Inside the Basilica of  Santa Cruz
We arrived in at midnight and my husband and second youngest son disappeared off into a room, and I was ushered into another room with my youngest son.  The brother’s wife and her sister both greeted me and then brought in a complete meal…chorba, main meal, bread, salad…the works.  I barely touched anything as it was late and I was tired….and extremely embarrassed.  They wanted to know where the girls were and I told them that they had stayed behind because it was too late…and was greeted with puzzled stares.  Anyway, somehow, I got through the next hour and they showed me to the bathroom and when I returned they had made a bed up for me on the canopy.  So much for staying in the flat next door!  They had made another bed for my son, and then there was a third bed made up on the floor where the hostess settled down for the night, and I realised that this was out of courtesy to me.  When I came to Algeria on holiday once, without my husband, I went and stayed with his brother and his wife and when it came to night time, for the first few nights she insisted on sleeping in the same room as me.  I found it all very odd but it was Algeria and peculiarity and abnormality was part and parcel of my observations here so I never remarked on it.  It wasn’t until sometime later, either on a forum or Facebook that someone made a similar comment and I discovered that  this was considered to be part of a hostess’s duty in ensuring the comfort of her guests, because it was considered discourteous to leave them sleep on their own in a strange house!
Inside the Basilica of Santa Cruz
The next morning I tried to communicate with my hostess and I remember so well, as she made way for me to go to the bathroom she muttered to herself ‘ma famt waloou’ (I don’t understand anything), and I burst out laughing.  She looked behind at me and when she realised that I had understood her she also started laughing and from there on in everything was fine.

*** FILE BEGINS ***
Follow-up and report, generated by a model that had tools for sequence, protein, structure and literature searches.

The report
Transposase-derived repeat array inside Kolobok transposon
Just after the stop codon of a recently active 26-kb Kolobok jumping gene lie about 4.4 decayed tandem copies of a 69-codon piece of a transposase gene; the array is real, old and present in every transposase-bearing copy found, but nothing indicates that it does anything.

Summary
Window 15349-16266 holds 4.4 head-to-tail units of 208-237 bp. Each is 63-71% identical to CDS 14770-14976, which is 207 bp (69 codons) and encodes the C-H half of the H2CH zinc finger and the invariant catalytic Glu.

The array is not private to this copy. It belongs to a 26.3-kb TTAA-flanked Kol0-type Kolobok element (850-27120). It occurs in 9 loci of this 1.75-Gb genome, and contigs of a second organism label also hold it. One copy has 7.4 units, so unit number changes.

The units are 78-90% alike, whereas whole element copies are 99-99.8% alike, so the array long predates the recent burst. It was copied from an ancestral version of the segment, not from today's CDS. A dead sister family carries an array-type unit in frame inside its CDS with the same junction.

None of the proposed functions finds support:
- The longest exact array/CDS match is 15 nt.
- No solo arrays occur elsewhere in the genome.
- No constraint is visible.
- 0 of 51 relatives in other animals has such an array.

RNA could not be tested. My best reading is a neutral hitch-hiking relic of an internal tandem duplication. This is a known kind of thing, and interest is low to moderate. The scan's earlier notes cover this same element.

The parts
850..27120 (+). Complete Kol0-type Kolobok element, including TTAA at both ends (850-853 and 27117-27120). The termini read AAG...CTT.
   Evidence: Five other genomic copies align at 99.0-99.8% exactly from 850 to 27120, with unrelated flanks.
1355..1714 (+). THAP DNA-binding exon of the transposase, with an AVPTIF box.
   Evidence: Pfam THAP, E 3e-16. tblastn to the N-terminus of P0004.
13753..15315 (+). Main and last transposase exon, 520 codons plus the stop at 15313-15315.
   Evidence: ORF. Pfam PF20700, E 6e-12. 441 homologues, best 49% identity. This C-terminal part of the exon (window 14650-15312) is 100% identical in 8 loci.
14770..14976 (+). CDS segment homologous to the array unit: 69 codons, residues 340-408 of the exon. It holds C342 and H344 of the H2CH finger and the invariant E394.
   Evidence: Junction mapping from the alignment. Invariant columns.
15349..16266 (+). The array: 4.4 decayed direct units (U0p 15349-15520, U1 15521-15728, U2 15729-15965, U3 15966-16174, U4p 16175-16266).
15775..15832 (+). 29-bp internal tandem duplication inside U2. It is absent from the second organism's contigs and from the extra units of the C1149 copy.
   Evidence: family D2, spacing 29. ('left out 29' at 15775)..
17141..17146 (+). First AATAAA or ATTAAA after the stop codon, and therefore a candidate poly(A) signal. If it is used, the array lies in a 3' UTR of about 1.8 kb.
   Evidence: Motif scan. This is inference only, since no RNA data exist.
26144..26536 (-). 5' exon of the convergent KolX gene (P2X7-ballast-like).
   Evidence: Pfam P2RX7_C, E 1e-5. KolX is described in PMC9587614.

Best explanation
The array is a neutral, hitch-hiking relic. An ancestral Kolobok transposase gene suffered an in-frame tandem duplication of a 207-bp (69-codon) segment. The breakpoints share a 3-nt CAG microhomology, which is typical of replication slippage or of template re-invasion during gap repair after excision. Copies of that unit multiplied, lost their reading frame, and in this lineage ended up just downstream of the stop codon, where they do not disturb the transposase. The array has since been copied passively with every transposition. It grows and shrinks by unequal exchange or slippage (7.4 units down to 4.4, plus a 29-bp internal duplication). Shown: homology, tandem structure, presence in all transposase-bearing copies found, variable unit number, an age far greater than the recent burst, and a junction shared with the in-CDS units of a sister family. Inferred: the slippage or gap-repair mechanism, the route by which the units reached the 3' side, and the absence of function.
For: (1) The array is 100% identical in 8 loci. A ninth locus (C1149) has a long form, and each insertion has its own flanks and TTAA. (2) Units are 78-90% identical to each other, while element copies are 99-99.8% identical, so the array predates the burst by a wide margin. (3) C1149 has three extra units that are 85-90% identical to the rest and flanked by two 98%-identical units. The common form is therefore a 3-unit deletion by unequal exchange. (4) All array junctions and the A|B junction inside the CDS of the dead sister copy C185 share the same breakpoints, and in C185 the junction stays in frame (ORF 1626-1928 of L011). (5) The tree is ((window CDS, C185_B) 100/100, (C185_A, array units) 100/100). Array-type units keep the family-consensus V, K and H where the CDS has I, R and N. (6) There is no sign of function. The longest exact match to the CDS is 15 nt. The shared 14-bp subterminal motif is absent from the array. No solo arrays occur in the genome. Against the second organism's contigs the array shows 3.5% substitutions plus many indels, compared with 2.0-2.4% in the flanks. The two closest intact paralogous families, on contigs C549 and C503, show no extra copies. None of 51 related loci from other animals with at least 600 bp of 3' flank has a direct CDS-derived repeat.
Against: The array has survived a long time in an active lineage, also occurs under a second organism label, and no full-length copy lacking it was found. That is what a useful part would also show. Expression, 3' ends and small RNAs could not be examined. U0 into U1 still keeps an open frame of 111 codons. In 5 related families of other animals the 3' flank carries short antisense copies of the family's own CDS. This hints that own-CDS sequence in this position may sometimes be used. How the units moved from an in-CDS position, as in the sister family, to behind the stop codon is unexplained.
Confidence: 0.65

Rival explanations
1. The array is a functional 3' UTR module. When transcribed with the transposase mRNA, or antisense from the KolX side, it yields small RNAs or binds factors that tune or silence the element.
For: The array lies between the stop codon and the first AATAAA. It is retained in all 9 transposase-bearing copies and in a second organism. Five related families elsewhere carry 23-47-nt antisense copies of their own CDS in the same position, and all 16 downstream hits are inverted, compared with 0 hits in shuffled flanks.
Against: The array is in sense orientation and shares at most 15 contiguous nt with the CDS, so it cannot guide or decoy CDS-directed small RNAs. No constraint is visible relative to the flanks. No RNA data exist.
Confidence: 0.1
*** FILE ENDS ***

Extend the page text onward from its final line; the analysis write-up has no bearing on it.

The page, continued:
I met her married daughter, her parents and we all had breakfast and then my husband, the boys and I went to look around Oran.  It was winter and the day was quite foggy so the pictures I took were not all that brilliant, but we had a good look around and bought a take-away, before returning to the house for the evening meal at our host’s insistence.

My youngest son had deserted me in favour of a much younger playmate and I was left to fend for myself, communication wise.  By the time I left the next morning, somehow,  I had managed to learn the whole family history and we had all become good friends.  That’s the thing about being Irish….we never let a little thing like a language barrier get in the way of a good story...... or getting all the 'sca' (Irish slang for gossip).

I think we caught him on a bad day!


  1. salamu aleykum,

    dear sister Evelyn, i'm happy that i found your blog, now i know where to read if ever i get depressed here in Algeria, you are soo funny to read Allah barek!

    have a nice day
    um-zakaria (we "know" each other from muslimah4algeria)

  2. Walaykum asalaam wa rahmatulah Um-Zakaria......yes I remember you well from the forum and I'm so glad you're enjoying my blog. To be honest I think it's difficult to survive here without a sense of's either cry or laugh sometimes!